Monday, February 12, 2007

UK newspaper roundup, 12 Feb 07

The Telegraph: Archbishop's peace talks threatened / Jonathan Petre, Religion Correspondent in Dar Es Salaam - Rehash of old news.

The Guardian: Archbishop battles to ward off final Anglican split on homosexuality / Stephen Bates in Dar es Salaam - Also a rehash.

The Scotsman (Reuters): Anglicans face risk of schism in gay clergy row / Paul Majendie -
I fear schism," Archbishop of Canterbury Rowan Williams said in a recent documentary on Canterbury Cathedral, home of the mother church founded 450 years ago when King Henry VIII broke with Rome to divorce his first wife.

"Because I am an ordinary sinful human being, I fear the situation is slipping out of my control," said Williams, a once-liberal theologian moving steadily towards conservative views as he tries to keep the Communion from splitting.

"The Archbishop of Canterbury is hopelessly mired in moral quicksand with almost no ability to extricate himself or the Anglican communion from inevitable schism," said David Virtue, who runs the orthodox Anglican news service VirtueOnline.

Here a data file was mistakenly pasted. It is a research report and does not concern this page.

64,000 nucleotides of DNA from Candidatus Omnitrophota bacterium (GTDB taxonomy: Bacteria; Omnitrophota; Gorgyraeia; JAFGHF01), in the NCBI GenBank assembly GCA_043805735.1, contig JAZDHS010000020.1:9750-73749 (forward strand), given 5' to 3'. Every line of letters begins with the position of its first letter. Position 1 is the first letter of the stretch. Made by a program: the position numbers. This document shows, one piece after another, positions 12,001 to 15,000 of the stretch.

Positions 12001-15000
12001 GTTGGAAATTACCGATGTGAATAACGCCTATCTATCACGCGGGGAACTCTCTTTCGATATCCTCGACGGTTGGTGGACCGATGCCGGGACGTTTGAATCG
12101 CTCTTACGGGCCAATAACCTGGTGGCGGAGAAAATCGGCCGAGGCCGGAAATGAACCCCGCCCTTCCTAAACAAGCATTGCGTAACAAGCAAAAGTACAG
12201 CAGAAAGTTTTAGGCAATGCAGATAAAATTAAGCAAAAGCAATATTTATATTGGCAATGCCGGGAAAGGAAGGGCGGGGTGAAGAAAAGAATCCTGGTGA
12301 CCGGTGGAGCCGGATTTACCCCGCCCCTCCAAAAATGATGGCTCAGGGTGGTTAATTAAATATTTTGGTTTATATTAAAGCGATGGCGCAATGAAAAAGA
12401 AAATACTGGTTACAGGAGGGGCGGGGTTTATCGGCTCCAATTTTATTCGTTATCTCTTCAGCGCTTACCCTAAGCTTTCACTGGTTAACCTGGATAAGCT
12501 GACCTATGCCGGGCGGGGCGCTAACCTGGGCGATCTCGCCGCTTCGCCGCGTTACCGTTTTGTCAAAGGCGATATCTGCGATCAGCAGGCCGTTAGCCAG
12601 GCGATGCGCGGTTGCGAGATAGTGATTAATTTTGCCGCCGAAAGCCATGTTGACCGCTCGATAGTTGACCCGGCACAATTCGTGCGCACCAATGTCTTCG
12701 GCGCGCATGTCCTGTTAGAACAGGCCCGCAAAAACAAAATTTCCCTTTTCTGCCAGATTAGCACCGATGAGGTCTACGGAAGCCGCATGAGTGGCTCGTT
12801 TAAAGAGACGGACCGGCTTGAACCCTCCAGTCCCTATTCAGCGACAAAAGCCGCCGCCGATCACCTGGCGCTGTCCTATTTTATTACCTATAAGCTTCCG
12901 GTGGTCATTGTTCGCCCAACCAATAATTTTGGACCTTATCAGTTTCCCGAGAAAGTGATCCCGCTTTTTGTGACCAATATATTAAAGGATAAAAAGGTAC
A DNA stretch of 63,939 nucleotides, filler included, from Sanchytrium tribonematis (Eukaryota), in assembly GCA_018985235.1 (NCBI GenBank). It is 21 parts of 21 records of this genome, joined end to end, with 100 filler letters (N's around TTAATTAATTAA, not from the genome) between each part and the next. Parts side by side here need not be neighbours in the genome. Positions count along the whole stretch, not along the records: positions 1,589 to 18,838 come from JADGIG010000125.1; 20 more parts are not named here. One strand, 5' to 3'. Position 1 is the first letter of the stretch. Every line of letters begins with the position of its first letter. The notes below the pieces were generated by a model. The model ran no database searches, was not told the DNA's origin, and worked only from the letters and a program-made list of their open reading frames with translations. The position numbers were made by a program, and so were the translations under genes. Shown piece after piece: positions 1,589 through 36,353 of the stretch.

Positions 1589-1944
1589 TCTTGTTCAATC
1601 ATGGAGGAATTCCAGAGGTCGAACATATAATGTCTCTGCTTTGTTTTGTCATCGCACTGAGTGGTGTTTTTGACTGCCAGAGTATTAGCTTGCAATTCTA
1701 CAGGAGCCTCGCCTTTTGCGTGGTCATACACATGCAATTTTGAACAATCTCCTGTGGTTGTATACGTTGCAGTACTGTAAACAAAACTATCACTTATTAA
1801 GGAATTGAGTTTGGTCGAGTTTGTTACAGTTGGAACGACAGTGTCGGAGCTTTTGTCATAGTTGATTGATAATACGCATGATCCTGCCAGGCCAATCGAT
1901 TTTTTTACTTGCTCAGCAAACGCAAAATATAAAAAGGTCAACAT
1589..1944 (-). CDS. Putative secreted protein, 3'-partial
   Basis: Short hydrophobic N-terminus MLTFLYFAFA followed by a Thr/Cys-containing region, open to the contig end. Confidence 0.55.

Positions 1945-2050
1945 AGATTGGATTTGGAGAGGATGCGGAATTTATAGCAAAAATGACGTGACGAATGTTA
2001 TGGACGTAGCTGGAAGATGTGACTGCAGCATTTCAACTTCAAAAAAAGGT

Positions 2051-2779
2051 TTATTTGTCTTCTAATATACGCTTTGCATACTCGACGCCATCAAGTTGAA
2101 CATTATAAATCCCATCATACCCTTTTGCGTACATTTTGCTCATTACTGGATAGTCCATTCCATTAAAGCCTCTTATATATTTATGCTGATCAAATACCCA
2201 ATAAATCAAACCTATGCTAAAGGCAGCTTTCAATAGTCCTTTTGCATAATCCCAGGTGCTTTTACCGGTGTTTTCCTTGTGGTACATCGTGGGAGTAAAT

"What we detest is them (U.S. liberals) imposing their culture on us. It's some sort of cultural imperialism. That's not acceptable," said Rwanda's Archbishop Emmanuel Kolini.

The Church of Southern Africa has adopted a more liberal approach on homosexuality with Archbishop Njongonkulu Ndungane urging colleagues to focus instead on poverty and AIDS.
Among the Americans, the buzz has centred on how the other primates will treat Schori. The Africans say they will stop short of an all-out boycott but will not meet her. It also looks unlikely they would share communion with her.
Analysts believe Williams will try to keep warring factions together in loose communion until he calls the Lambeth Conference, the church's 10-yearly gathering, in 2008.

"But he is between a rock and a hard place," said John Wilkins, former Anglican and retired editor of the Catholic weekly The Tablet. "His aim will be to prevent anything irreparable. But it will be very, very difficult."

Religious commentator Clifford Longley agreed, telling Reuters: "His chances of defusing the situation are almost nil.

"This split in Anglicanism is going to have consequences in the United States. The big battles are going to be over property, investment and endowments."
(The Reuters article was even picked up in my part of the world, the United Arab Emirates.)

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